I was writing an essay on Beckett’s prose and the minimalist composers recently, and something kept nagging at the edge of my consciousness. The thesis of the piece I was working on was that Beckett, like Philip Glass or Steve Reich, uses the interaction of repetition and snatched moments of extraordinary lyricism to convey life as it is lived. Thus in The End, after a long period of repetition, we suddenly have the following passage, which achieves formally what it describes – the sun shines all the brighter for the fog of repetition that it interrupts: ‘I was making my way through the garden. There was that strange light which follows a day of persistent rain, when the sun comes out and the sky clears too late to be of any use. The earth makes a sound as of sighs and the last drops fall from the emptied cloudless sky. A small boy, stretching out his hands and looking up at the blue sky, asked his mother how such a thing was possible. Fuck off, she said.’ Of course, Beckett, resistant to the Romanticism that always sits just behind his work, snatches the moment away from us with that ‘Fuck off’ at the end of the passage.

As I was writing, I kept thinking that there was something I was missing. Someone else employed this very trick, and could be brought into the essay to support the argument. It was only after I had submitted the piece, and was reading Julia Donaldson’s Stick Man to my little boy, bath-squeaky and pyjama-clad on my knee, that I realised it was from a certain type of children’s book. Because of course repetition is a key facet of myth, and our children’s stories have the most direct relationship with the structures of myth. In Stick Man, as in The Odyssey, we have a hero who must go through a series of tribulations on a long and dangerous voyage before being reunited with his family in his tree-Ithaca. The repetitious nature of these trials builds to a crescendo as the text compresses into single-frame signifiers – from the dog who chases him to the swan who uses him to line her nest we move to a tableau of indignities until Stick Man lies, spent and Christ-like prostrate, in the snow. From the repeated refrain – “I’m not an arm! Can nobody see, / I’m Stick Man, I’m Stick Man, I’m Stick Man, that’s me!” – we suddenly move towards a moment of high lyricism when is seems that all is lost: “Stick Man is lonely, Stick Man is lost. / Stick Man is frozen and covered in frost… He can’t hear the bells, or the sweet-singing choir…”

Similarly in Judith Kerr’s The Tiger Who Came to Tea (there’s a wonderful interview with her here) we find the bulk of the story in the repetition of the tiger eating “all the cake” and “all the milk in the milk jug and all the tea in the tea pot”. Only at the end of the tale, when Sophie’s father has appeared and the tiger’s occupation has been lifted, do we come again to a deeply lyrical scene. “So they went out in the dark, and all the street lamps were lit, and all the cars had their lights on, and they walked down the road to a café.” Here the artwork underlines the effect of the language, with the low full moon hanging above the street lamps and and the shop lights illuminating the happy family scene. An orange and black-striped cat appears behind them as a reminder of the return to normality – it is anything but the suave and threatening tiger of earlier in the book.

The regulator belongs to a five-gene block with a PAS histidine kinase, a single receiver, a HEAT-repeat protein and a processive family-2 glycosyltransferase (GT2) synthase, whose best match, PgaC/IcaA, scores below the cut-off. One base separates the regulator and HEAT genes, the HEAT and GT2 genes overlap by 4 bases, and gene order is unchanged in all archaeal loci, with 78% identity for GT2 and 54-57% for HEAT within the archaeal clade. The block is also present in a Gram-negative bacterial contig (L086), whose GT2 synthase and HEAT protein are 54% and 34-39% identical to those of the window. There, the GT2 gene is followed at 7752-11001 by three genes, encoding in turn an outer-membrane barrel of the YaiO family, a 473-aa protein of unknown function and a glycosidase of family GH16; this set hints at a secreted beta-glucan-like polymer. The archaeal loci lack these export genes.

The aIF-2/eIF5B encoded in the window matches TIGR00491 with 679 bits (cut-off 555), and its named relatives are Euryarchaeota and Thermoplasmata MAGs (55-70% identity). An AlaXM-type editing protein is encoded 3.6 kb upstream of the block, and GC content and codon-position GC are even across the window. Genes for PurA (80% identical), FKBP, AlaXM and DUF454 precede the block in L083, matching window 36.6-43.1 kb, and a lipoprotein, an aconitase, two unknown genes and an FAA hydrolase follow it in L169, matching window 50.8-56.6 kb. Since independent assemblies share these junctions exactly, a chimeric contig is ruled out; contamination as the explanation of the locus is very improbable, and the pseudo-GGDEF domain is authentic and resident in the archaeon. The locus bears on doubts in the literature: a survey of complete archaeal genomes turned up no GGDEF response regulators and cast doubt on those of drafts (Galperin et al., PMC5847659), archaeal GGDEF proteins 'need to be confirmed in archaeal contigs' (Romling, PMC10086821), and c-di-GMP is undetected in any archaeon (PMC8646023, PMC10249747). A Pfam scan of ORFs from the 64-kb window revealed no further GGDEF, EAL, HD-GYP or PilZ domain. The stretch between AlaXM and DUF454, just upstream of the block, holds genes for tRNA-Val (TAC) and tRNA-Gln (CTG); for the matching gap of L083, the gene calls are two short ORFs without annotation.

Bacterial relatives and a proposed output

In one of our favourites, No Matter What by Debi Gliori, the baby kangaroo – Small – asks his non-gender specific parent Large whether he/she would love him under a variety of Kafkaesque transformations (into a bug, bear or crocodile). The answer is repeated each time “I’ll always love you, no matter what”. At the end of the book Small asks “But what about when we’re dead and gone? Would you still love me? Does love go on?” In a gloriously touching scene, with curtains billowing out onto a Van Gogh sky, we find again a moment of lyricsim that interrupts, and is heightened by, the preceding repetition: “Large held small snug as they looked out at the night, at the moon in the dark and the stars shining bright. ‘Small, look at the stars – how they shine and glow, but some of those stars died a long time ago.'”

Whenever my little boy watches The Snowman, with its brilliant David Bowie cameo, he repeats again and again the word “sad”. The lyricism of these children’s stories does have something elegiac about it. The final scene of Michael Rosen’s We’re Going on a Bear Hunt is a good example. It’s a picture of the bear walking lonely by the shore in the light of a full moon and prompts a “poor bear” from my boy who had previously gnawed his knuckles watching the family scamper away from the terrifying beast. But again a scene of (this time purely visual) beauty in a story that draws upon the repetition of a series of trials (which in Deleuze’s terms are “clothed” rather than “naked” repetition).  The formal technique whereby repetition is interrupted by lyrical beauty does teach us something about life – how beauty is often heartbreaking, how the world is largely mundane but illuminated by snatched moments of wonder which burn brighter for their briefness. We must savour these moments as we rip them from the dull surrounds of quotidian repetition, hold them close to us as we age, as Bowie/James holds his snowman scarf.

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